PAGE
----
Ottawa presses Telus, BCE to change pricing policy
By Louise Egan
OTTAWA (Reuters) - The Canadian government tried to preempt a consumer revolt against two leading phone companies on Wednesday, demanding explanations from the wireless units of BCE Inc and Telus Corp on their new pricing policy for text messages.
Both companies announced this week they would begin charging some customers for incoming text messages, which have been free until now.
"The decisions ... are ones that consumers have expressed concern about," Industry Minister Jim Prentice told reporters at a Calgary, Alberta, press conference. "We've decided to sit down and discuss this with the companies that have announced these intended price increases."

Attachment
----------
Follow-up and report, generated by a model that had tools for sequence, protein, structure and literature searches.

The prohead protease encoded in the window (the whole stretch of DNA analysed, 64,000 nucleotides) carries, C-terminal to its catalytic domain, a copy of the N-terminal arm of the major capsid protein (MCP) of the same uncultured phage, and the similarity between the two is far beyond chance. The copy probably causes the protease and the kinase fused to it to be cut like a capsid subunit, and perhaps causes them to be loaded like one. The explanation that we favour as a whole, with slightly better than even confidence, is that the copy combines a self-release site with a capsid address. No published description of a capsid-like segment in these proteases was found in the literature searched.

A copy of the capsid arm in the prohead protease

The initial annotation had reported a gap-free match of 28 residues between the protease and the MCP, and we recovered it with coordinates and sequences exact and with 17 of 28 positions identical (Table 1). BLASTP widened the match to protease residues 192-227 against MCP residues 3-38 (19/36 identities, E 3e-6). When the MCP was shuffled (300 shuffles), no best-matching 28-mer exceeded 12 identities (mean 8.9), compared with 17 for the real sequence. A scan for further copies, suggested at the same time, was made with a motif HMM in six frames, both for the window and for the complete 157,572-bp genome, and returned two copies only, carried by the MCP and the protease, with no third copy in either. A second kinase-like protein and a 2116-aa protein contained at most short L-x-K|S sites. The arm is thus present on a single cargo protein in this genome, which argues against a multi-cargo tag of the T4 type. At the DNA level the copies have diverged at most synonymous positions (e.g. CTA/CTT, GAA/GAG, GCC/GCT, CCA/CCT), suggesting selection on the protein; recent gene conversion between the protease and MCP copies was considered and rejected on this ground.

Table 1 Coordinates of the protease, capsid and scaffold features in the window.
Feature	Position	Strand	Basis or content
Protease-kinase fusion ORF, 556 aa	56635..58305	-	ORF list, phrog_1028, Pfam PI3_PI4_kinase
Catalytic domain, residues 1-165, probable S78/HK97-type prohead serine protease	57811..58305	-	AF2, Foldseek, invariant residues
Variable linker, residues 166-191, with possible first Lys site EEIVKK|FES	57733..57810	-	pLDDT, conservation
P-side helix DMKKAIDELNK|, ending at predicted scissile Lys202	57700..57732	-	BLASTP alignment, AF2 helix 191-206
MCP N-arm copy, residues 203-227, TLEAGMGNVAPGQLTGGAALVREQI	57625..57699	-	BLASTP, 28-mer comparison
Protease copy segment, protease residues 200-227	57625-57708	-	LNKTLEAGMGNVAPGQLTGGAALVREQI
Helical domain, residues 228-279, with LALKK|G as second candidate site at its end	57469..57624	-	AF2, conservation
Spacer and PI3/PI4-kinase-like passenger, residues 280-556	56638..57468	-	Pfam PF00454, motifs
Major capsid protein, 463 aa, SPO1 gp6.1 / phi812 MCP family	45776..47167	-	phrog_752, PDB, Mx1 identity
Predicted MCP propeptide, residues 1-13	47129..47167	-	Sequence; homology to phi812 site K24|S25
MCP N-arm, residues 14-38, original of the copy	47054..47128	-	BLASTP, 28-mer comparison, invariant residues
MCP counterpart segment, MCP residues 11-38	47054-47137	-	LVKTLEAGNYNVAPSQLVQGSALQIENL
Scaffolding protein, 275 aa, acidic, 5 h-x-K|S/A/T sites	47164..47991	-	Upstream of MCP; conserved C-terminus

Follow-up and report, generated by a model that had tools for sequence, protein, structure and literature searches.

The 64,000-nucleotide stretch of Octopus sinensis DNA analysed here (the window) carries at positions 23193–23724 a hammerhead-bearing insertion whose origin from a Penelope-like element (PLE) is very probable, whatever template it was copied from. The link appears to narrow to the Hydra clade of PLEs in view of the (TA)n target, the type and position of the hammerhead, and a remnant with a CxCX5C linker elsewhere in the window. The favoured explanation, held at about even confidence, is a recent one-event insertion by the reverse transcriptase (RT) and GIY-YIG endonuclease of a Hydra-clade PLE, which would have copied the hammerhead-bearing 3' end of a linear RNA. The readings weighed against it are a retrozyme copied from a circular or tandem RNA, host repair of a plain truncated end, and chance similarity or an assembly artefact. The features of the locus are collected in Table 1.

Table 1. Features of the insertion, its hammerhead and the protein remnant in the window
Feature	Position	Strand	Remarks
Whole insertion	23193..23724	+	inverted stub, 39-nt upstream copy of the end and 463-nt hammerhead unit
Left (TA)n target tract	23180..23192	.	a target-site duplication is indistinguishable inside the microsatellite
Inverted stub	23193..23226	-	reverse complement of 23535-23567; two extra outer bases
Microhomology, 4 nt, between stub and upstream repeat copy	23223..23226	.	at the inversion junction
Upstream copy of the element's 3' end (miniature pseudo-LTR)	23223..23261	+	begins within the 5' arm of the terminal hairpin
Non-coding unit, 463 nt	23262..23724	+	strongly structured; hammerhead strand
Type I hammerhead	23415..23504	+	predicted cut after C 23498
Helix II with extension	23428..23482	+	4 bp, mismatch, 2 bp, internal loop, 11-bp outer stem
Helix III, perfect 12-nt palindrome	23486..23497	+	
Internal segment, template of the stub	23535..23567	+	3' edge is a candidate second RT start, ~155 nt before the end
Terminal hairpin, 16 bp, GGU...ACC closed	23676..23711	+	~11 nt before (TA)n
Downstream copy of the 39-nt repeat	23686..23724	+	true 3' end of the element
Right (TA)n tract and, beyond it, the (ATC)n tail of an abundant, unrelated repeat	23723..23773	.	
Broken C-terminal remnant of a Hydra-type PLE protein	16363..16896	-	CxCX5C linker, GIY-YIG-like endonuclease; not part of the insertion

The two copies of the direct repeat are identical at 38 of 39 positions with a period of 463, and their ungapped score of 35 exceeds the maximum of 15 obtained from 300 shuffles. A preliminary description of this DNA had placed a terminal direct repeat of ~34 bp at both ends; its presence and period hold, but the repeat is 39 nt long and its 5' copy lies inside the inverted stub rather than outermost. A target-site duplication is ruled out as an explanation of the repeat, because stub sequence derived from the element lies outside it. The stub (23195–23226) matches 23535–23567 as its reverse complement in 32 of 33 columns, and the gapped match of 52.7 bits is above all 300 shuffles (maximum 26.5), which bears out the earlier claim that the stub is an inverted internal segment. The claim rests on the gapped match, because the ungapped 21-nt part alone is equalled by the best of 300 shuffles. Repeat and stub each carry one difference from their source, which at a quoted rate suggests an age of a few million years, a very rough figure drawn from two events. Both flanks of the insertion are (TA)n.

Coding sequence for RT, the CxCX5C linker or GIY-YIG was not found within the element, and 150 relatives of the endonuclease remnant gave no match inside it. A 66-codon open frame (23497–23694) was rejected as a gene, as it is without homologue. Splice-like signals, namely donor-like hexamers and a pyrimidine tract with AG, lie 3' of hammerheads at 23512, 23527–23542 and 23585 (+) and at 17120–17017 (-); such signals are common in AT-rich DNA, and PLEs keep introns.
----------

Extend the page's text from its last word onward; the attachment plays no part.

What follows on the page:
Prentice sent letters to the chief executives of Bell Mobility, a unit of BCE, and Telus asking them to meet with him before August 8, the date Bell plans to introduce its new charge.
The meeting has not yet been scheduled, the minister said.
The meeting -- a highly unusual move by a Conservative government that has sought to partly deregulate the telecommunications industry -- would take place "with a view to finding a solution that provides the best service to consumers at the best price," Prentice said.
Bell and Telus say they will charge 15 Canadian cents per incoming message. Telus said it will begin charging the fee August 24.
Prentice said he was particularly concerned that users could be charged for unsolicited, unwanted or spam messages. While he said he doesn't plan to interfere with the companies' day-to-day operations or decision-making, he's concerned consumers would be charged for spam messages. Continued...